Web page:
Saturday, January 07, 2006
The Tiger Convoy on 8 and 9 May 1941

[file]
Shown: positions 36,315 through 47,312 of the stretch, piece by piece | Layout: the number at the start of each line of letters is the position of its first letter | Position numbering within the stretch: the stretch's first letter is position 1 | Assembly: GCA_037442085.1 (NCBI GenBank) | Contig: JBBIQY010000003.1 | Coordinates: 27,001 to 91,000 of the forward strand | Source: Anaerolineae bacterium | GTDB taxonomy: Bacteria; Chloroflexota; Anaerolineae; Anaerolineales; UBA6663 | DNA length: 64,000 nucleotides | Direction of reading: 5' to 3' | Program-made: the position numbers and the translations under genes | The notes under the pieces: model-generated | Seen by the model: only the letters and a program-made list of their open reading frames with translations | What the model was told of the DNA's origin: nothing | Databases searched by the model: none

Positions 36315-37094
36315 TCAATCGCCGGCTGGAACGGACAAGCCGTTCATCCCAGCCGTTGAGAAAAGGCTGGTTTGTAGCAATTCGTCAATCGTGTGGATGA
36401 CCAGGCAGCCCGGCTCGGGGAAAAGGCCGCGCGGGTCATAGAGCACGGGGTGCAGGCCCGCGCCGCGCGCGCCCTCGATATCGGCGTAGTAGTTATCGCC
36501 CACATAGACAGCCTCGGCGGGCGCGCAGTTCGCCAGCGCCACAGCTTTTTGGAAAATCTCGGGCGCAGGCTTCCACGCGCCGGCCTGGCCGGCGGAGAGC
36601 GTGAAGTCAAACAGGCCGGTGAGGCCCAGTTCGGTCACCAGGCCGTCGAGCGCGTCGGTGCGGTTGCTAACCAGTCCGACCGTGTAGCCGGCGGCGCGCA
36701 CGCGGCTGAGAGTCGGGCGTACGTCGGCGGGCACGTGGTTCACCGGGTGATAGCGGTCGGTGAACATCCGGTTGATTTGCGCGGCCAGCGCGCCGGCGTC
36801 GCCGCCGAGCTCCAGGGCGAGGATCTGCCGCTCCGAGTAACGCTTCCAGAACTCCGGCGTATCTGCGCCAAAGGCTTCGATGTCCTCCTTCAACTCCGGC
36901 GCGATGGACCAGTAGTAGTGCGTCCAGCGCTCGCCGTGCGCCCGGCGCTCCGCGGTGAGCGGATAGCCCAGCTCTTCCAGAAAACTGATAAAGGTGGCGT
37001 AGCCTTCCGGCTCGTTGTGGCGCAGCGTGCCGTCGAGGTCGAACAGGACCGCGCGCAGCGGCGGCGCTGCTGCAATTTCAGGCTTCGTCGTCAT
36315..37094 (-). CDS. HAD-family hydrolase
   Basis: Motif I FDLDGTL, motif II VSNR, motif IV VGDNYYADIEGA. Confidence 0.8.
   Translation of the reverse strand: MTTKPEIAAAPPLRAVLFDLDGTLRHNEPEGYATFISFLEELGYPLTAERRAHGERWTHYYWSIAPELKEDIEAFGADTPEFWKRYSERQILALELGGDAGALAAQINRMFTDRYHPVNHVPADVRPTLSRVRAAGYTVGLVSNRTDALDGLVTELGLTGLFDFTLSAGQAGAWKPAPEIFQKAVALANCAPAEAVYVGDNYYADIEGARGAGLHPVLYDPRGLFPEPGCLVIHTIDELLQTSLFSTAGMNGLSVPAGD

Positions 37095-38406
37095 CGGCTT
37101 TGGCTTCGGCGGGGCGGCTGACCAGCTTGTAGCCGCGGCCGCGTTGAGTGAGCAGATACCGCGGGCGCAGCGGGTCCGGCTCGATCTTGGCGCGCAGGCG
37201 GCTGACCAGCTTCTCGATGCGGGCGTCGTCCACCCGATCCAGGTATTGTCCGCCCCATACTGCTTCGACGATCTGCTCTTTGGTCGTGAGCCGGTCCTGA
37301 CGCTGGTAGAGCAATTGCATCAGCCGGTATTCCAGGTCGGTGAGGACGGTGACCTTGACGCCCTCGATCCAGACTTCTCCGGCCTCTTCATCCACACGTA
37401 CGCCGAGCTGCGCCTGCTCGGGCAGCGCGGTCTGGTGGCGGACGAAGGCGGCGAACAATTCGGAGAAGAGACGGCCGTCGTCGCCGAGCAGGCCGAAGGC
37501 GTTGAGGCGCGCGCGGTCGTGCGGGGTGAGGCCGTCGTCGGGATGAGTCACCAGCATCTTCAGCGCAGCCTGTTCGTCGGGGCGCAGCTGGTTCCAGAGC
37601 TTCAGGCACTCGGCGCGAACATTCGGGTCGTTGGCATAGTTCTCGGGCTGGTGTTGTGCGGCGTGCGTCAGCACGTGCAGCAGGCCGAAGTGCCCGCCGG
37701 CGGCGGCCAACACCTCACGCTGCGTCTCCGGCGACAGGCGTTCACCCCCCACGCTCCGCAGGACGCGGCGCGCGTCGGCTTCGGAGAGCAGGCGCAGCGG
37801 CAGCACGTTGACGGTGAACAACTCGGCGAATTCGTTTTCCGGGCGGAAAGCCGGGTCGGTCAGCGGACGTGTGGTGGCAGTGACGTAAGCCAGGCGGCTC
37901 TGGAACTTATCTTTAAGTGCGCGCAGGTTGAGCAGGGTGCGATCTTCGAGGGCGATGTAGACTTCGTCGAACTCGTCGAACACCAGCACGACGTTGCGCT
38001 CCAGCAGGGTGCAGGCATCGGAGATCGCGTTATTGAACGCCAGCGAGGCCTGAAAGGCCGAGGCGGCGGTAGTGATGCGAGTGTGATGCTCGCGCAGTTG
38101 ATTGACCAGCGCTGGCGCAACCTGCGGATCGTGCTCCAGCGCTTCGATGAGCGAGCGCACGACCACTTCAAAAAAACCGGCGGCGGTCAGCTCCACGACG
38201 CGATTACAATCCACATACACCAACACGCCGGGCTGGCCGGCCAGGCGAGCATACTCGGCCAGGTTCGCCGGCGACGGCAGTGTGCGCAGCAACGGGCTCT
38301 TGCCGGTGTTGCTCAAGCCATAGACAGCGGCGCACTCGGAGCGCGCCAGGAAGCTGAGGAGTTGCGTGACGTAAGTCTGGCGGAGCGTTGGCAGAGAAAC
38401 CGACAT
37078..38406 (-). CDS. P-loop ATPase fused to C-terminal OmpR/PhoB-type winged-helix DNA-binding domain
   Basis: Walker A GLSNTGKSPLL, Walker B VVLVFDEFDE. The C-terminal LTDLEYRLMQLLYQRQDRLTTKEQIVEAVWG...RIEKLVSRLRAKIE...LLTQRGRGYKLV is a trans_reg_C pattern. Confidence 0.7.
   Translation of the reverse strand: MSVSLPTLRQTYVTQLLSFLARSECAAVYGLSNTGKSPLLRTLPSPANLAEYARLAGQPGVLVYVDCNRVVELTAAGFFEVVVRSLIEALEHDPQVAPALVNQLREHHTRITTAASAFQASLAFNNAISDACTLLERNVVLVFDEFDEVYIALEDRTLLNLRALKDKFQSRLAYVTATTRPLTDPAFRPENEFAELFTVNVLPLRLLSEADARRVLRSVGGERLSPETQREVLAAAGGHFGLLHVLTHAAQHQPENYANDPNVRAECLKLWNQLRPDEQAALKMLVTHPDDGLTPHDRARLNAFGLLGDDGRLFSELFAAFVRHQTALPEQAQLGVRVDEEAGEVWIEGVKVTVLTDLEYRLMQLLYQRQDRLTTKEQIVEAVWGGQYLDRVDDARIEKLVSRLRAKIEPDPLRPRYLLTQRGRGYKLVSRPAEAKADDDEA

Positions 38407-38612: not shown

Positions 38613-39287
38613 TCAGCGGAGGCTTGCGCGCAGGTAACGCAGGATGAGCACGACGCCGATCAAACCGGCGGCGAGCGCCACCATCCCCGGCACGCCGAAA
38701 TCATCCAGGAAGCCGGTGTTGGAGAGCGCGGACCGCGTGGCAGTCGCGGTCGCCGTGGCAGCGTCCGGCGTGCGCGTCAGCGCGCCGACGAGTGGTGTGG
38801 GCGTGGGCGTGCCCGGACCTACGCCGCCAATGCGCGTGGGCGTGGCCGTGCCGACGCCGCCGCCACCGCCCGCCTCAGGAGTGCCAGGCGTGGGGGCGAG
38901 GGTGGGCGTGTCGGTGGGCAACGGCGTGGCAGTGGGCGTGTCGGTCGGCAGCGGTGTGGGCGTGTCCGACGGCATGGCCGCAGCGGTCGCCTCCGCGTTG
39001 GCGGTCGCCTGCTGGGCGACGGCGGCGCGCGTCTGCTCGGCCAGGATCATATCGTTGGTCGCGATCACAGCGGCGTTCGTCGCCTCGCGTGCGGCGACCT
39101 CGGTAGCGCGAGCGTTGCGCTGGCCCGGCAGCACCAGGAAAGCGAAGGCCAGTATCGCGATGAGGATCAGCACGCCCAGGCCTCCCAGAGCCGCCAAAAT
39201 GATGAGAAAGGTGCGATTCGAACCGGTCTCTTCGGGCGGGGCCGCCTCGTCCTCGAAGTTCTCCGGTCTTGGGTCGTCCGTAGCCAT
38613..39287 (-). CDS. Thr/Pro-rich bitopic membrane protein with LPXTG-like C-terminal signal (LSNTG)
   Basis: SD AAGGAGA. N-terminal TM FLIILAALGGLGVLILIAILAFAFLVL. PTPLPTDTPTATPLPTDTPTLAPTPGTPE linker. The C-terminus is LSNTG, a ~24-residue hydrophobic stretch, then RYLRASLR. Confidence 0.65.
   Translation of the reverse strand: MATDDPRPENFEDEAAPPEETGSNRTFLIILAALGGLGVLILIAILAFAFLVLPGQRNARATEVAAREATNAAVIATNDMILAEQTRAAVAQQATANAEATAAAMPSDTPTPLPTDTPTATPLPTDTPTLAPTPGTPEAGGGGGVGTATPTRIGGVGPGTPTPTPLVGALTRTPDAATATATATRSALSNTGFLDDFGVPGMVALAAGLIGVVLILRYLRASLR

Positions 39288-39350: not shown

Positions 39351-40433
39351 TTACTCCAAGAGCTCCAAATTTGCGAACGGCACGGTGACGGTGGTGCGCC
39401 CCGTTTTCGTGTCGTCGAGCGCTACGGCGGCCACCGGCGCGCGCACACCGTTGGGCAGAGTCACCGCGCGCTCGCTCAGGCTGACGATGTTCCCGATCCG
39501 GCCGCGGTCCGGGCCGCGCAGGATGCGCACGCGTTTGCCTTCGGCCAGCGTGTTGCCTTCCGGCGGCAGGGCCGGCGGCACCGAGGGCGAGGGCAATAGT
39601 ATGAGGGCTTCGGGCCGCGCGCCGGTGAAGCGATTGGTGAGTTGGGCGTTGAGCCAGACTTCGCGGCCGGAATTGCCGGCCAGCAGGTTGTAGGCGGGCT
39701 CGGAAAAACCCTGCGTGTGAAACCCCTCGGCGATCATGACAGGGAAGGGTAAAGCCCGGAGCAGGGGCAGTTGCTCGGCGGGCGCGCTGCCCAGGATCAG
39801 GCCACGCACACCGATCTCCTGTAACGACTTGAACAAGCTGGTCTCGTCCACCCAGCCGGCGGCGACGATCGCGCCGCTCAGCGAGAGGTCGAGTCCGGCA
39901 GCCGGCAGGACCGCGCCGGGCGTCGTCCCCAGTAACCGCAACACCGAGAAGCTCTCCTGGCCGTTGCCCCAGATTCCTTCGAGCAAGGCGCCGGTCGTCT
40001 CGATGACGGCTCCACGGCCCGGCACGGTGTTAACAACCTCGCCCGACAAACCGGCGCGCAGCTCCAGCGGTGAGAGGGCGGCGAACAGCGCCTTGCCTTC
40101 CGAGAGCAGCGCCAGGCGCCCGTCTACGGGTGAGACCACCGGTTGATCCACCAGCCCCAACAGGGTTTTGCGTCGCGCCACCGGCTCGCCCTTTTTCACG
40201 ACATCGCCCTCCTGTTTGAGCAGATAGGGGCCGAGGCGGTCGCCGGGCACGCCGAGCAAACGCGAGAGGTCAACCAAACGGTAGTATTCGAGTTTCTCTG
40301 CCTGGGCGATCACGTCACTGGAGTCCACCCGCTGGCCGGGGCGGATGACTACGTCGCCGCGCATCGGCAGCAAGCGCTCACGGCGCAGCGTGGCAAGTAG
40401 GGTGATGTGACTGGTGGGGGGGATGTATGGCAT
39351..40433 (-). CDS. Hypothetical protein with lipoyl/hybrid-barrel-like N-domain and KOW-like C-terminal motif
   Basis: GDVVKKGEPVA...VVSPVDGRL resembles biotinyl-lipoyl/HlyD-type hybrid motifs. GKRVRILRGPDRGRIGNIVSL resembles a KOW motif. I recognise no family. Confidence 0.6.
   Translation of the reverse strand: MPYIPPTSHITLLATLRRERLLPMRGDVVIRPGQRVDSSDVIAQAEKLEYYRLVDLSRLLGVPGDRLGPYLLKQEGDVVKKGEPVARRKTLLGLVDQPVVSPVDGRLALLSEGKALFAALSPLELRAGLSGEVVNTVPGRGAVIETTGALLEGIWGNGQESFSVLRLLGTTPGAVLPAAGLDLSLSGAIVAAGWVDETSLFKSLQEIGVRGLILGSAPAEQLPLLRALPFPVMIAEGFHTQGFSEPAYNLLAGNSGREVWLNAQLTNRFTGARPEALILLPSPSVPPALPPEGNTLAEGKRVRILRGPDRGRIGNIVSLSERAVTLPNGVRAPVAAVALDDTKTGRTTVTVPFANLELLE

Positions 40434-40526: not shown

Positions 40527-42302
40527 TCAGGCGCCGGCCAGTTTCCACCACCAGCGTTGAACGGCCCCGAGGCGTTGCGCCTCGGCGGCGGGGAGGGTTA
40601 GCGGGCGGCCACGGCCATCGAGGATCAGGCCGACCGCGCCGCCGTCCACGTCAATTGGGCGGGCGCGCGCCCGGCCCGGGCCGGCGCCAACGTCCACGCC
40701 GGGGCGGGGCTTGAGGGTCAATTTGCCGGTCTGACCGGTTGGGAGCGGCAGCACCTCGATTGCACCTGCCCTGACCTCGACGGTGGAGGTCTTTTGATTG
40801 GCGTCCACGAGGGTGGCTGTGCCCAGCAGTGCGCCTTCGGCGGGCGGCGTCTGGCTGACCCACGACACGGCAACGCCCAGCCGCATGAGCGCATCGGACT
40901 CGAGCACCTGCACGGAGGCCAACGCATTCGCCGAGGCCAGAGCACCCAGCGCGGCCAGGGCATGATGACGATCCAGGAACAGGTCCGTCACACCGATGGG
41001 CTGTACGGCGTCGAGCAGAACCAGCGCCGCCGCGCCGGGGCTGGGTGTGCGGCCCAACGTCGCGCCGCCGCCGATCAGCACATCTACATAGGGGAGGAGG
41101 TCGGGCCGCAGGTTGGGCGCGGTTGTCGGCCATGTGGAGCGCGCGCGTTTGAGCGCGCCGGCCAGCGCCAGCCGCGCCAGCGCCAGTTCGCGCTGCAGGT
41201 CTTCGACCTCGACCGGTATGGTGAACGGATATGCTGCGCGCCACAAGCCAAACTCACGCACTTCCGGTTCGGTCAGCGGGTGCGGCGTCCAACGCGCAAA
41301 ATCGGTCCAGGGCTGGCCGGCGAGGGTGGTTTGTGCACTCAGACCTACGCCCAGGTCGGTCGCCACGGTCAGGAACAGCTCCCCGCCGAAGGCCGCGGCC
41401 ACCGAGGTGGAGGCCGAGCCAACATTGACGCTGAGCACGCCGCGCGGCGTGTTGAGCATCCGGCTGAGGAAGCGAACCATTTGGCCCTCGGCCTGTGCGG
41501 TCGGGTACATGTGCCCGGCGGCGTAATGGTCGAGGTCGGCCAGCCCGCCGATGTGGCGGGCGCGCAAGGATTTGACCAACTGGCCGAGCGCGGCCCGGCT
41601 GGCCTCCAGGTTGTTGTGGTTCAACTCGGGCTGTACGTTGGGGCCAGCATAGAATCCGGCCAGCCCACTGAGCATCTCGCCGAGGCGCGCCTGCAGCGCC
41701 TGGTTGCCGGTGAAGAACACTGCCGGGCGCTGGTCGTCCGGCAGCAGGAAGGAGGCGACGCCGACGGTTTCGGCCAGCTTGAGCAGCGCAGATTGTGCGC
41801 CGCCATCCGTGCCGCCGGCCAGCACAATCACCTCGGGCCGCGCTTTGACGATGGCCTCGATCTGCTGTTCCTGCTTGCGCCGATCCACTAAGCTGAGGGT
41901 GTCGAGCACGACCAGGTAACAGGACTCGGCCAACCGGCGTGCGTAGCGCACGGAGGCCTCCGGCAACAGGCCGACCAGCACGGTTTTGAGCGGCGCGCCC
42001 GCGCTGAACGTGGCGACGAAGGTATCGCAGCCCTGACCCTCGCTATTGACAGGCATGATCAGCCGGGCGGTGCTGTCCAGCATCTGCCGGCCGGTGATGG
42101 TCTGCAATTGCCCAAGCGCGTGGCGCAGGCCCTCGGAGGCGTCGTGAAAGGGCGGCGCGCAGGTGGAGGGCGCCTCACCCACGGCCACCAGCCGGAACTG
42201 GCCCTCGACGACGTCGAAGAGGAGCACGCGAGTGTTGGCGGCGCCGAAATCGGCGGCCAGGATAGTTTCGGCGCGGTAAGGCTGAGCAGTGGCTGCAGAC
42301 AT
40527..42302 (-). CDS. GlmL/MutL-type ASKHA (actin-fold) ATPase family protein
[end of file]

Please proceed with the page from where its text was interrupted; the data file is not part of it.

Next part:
On 7 May 1941, Vice-Admiral Malta had reported that the harbour was closed due to mining. Admiral Cunningham resolved that the two Malta convoys should continue, despite that word. On 8 May, there was rain and restriced visibility. Two Albacores from Formidable were lost, and only one crew was recovered. The light cruiser Ajax and three destroyers rejoined the fleet at 5pm after having bombarded Benghazi. On 9 April, the Mediterranean Fleet was still giving general cover to the convoys. The fleet was about 120 miles to the south, while the convoy was 90 miles west of Malta. The two Malta convoys were able to enter the harbout due to minesweeping and dropping depth charges to explode mines. The Tiger Convoy met the fleet at 3:15pm and continued with them in close escort towards the east. Axis reconnaissance aircraft had seen the convoy and fleet, but there had still been no attacks. Beaufighters from Malta continued to fly cover for the convoy and along with the weather conditions, this had so far deterred air attacks. In the twilight of 10 May, 9 Malta-based Beaufighters straffed bombers on the airfields at Catania and Comiso, Sicily. This is based on the account in Vol.II of the Official History.